Dan: Randy Stradley at DH had the initial plan for connecting the franchises together, and he shared that with me when he asked me to write the whole thing. Having one writer on it, in his opinion, allowed for greater oversight and connectivity. I leapt at the chance – these are all franchises I love – and having written Aliens in the Alien:Isolation video game, I was delighted to be able to play with the universe in comic form. I love ‘playing;’ in other peoples’ universes (ie Warhammer, Dr. Who, the Marvel Universe) and I think I’ve developed a knack for it.
BIC: How is working with Andrea and Rain?
Dan: What can I say – they are both brilliant. I’ve been delighted by the work.
BIC: Are there any lessons or takeaways from the film that you try to instill into the comic series?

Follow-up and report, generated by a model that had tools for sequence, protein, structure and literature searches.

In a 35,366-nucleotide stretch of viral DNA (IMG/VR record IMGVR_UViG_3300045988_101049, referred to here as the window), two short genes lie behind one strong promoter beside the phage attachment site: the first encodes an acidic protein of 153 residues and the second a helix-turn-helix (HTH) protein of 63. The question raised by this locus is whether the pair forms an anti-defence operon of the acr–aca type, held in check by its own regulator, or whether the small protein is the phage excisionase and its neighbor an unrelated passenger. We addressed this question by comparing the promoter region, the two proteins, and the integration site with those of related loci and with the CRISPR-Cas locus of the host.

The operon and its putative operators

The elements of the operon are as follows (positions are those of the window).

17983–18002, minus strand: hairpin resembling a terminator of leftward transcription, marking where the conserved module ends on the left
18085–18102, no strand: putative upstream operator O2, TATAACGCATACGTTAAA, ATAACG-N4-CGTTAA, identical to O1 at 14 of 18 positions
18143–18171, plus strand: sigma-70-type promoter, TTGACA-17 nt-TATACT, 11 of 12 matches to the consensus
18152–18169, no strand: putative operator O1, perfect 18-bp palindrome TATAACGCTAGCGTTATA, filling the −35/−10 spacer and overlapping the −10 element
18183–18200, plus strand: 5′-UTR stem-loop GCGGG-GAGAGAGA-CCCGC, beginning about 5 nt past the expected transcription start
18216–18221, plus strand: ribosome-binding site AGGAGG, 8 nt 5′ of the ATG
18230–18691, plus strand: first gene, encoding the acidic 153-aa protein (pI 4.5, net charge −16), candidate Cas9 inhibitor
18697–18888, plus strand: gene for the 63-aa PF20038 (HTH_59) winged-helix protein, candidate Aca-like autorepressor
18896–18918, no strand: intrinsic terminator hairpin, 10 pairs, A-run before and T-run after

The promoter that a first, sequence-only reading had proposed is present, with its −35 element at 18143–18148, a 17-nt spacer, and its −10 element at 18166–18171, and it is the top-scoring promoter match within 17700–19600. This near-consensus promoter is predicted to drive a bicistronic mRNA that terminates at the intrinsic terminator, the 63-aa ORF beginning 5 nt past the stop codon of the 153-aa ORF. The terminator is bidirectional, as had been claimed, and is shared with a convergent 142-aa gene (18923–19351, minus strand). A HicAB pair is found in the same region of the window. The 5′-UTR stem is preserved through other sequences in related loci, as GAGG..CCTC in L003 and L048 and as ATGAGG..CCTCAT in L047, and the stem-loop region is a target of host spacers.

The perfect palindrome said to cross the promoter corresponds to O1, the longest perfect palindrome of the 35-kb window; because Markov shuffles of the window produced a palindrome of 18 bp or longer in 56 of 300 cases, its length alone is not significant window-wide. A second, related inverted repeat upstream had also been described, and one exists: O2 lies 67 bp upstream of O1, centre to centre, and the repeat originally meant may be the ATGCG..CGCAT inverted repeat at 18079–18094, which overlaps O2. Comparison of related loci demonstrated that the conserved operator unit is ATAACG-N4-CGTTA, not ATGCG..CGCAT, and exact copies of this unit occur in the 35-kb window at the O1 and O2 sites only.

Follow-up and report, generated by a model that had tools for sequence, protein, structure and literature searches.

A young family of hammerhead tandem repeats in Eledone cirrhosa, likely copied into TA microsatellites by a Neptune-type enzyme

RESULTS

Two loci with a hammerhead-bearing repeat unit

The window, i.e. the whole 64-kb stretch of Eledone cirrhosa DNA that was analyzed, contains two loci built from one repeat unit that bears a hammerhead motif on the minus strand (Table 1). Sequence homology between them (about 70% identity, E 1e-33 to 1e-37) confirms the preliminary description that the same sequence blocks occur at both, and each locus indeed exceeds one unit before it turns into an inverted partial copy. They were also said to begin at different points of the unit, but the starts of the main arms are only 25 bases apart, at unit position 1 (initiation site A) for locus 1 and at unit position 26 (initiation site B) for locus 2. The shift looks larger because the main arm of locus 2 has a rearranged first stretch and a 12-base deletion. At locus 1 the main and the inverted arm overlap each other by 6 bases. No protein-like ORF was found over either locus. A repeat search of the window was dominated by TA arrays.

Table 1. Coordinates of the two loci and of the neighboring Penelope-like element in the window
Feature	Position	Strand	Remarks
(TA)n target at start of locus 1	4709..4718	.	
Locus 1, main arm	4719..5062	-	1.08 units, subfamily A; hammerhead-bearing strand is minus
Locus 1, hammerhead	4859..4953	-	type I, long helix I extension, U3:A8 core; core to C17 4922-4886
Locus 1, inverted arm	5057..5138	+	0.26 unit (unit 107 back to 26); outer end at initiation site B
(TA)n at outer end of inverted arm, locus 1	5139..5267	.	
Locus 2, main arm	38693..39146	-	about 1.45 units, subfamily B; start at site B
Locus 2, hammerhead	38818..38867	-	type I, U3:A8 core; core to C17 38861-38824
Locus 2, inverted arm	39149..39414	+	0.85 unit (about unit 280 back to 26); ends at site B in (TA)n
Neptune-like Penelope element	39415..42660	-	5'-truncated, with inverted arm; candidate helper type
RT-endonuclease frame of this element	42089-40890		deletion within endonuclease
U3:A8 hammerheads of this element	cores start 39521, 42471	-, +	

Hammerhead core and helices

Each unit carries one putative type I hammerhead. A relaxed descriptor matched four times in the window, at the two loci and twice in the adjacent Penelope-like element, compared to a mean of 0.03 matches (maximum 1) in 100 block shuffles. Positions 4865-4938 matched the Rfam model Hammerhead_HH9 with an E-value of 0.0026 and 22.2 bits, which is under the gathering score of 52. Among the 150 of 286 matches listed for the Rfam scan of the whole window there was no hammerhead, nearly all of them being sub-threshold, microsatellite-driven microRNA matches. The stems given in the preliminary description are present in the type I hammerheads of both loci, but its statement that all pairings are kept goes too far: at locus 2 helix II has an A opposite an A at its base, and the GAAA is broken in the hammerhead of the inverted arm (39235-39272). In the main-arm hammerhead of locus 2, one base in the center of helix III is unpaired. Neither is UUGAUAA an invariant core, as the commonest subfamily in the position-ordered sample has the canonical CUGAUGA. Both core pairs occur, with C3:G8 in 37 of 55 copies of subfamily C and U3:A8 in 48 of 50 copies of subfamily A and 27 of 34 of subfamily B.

Dan: I wanted to capture the flavour and the mood, and maybe answer (speculatively) a few questions, without giving concrete answers that a later film might contradict. With the whole Life and Death series, I’ve tried to hang the drama on the central human characters – their reaction to the situations and the threats – and our concern for them – is vital, I engaged… I think. The human heart is what keeps the otherworldly elements together – think of the original Alien move. It’s our connection with, and our concern for, the very human crew that keeps the nightmare dynamic.
BIC: Though you seem to be a master at it, is it difficult to write for projects with already established art styles?
Dan: Not at all. Artists are selected to match and suit the tone and mood of a project, which is exactly what I’m trying to do with the scripts – I don’t just want to produce a good script, I want to produce a good Prometheus script, so the artist and I are both working hard to maximise that effect.